Bertalanffy’s definitions: Bertalanffy defines system in GST as “set of elements standing in interrelations” (1968: p. 55, 83) and “expressed by the system of equations” (p. 83), and elsewhere (p. 19) as “organized complexity” and “nonlinear” (p. 19).  There are closed and open systems. A closed system is defined as “in equilibrium [that] does not need energy for its preservation…” (p. 125). “In open system, by contrast, the steady state is not removable as a wholeness in many individual reactions.”  There is also brief mention of ‘living systems’ (p. 14), yet not often, and not with anything beyond use of metaphoric representation.

Bertalanffy’s Critique of Kant’s System Theory: Bertalanffy (1968: 186) says “Kant’s philosophy is the culminating synthesis of physical science as it had developed since Galileo and Newton” and then accuses Kant of leaving out the “living organization” from his reason approach to the physical universe. For Bertalanffy (1968: 187, 227), with Einstein’s relativity theory, and even Heisenberg (p. 31) and quantum mechanics, and concludes that Kant’s approach to system, to space and time as a priori is no longer tenable. Throughout Bertalanffy there is a rejection of a priori and of vitalism. However, Bertalanffy, instead of grasping the implications of quantum physics for system theory, focuses instead of the Whorfian hypothesis, on the linguistic turn (p. 225), which is what he has swapped out the ‘transcendental’ term employed by Kenneth Boulding, for the ‘Symbolic system” one on p. 29. Bertalanffy (1968: 227) concludes “little is left of Kant’s supposedly a priori and absolute categories” such as space and time, and then adds “while in the Kantian system, the categories appeared to be absolute for any rational observer they now appear as changing with the advancement of scientific knowledge” (such as relativity, linguistic turn, and quantum mechanics). 

“According to the Kantian thesis, there are the so-called forms of intuition, space and time, and the categories of the intellect, such as substance, causality, and others with are universally committal for any rational being” (Bertalanffy, 1968: 226).   Bertalanffy as a bio-physicist adds “the biologist finds there is no absolute space or time but that they depend on the organization of the perceiving organism” (p. 229).  Just to be sure no one misses his point:

“The categories of experience or forms of intuition, to use Kant’s term, are not a universal a priori, but rather they depend on the psychophysical organization and physiological conditions of the experiencing animal, man included” (Bertalanffy, 1968: 232).

With such a devastating critique, one might ask, why read Kant at all?  There are some very good reasons.  Next we look to Kant’s side of the system story.

What does Kant say about space, time, and matter? Immanuel Kant (1781/1900) defines space, time, and system, as well as the “transcendental” in ways that “transcend the region of experience” (xiii).

What is time? “Of time we cannot have any external intuition any more than we can have an internal intuition of space” (Kant, 1781: 23).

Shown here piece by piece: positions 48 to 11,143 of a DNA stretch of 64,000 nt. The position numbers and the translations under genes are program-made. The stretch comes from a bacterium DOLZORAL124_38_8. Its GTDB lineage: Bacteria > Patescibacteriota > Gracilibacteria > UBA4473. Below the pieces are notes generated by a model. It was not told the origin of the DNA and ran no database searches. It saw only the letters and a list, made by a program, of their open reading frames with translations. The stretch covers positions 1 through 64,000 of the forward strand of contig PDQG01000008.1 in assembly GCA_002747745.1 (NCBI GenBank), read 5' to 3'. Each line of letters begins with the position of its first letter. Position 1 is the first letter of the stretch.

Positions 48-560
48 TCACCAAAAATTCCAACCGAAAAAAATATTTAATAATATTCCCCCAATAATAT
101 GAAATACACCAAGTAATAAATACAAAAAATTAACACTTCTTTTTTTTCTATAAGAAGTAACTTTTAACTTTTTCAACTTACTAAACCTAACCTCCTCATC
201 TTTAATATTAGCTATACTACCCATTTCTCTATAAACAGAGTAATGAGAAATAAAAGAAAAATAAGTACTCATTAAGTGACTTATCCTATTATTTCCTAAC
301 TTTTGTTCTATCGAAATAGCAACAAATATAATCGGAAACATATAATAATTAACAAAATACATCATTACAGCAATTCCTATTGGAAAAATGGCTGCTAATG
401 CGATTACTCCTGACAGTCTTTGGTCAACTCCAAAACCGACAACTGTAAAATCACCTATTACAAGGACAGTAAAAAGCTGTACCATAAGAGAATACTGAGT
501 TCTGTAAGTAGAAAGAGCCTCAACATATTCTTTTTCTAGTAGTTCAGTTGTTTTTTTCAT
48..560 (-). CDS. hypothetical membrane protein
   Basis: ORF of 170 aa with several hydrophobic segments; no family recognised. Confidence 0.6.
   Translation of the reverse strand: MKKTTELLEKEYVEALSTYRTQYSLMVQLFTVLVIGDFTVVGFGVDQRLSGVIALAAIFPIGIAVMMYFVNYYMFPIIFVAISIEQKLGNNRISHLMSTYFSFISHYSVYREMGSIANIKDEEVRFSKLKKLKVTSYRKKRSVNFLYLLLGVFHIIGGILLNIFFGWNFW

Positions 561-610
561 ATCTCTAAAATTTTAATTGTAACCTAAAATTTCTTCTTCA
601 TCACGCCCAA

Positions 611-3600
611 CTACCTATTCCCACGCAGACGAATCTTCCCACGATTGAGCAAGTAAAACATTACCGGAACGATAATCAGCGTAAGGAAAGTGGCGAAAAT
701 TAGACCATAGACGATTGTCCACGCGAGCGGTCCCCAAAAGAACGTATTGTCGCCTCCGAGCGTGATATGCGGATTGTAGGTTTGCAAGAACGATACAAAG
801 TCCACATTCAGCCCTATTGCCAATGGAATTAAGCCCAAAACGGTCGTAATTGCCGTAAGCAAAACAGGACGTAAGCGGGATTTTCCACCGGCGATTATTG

Kant asks, “What then are space and time” (p. 23).

Answer: They are “predicates” the mind attaches to any object (Kant, 1781: p. 23).

What is space? “Space is not a conception which has been determined from outward experiences” and “… the representation of space must already exist as a foundation” (Kant, 1781: p.23). It cannot be borrowed from external (sensory) experience. “Space then is a necessary representation a priori, which serves as the foundation of all external intuitions” (p. 24).  Space is “considered as the condition of the possibility of phenomena, and by no means as a determination dependent on them and is a basis for external phenomena” (Kant, 1781: p. 24).

“Space is no discursive” and we “represent to ourselves one space… or parts of one and the same space… space is all-embracing” … “space is an intuition a priori and not a conception” (Kant, 1781: p.24).

As we shall see both Deleuze and Heidegger’s ontologies conceive of space and time as conceptions.

What is time? “Time is not an empirical conception” (Kant, 1781: 28). It is a representation that exists; a priori Kant refers to this as a “presupposition” (p. 28), and “that things exist together at one and the same time, or at different times, that is, contemporaneously, or in succession” (p. 28). “Time has only one dimension” and “different times are not coexistent but successive” (p. 28). “Different spaces are not successive but coexistent” (p. 28). “These principles cannot be derived from experience” (Kant, 1781: p. 28).

Just like space, “time is not a discursive” (Kant, 1781: p. 28). And just as there is one and the same space, “different times are merely parts of one and the same time” (p. 28). 

Typically we “represent the course of time by a line progressing to infinity, the content of which is only of one dimension” where we conclude “parts of the line are coexistent ‘while those of time are successive’” (Kant, 1781: p. 30).

What is Kant’s System Theory?

“By a system I mean the unity of various cognitions under one idea” (Kant, 1781: 466).

 

“By the term architectonic I mean the art of constructing a system. Without systematic unity, our knowledge cannot become science; it will be an aggregate, and not a system” (Kant, 1781: 466).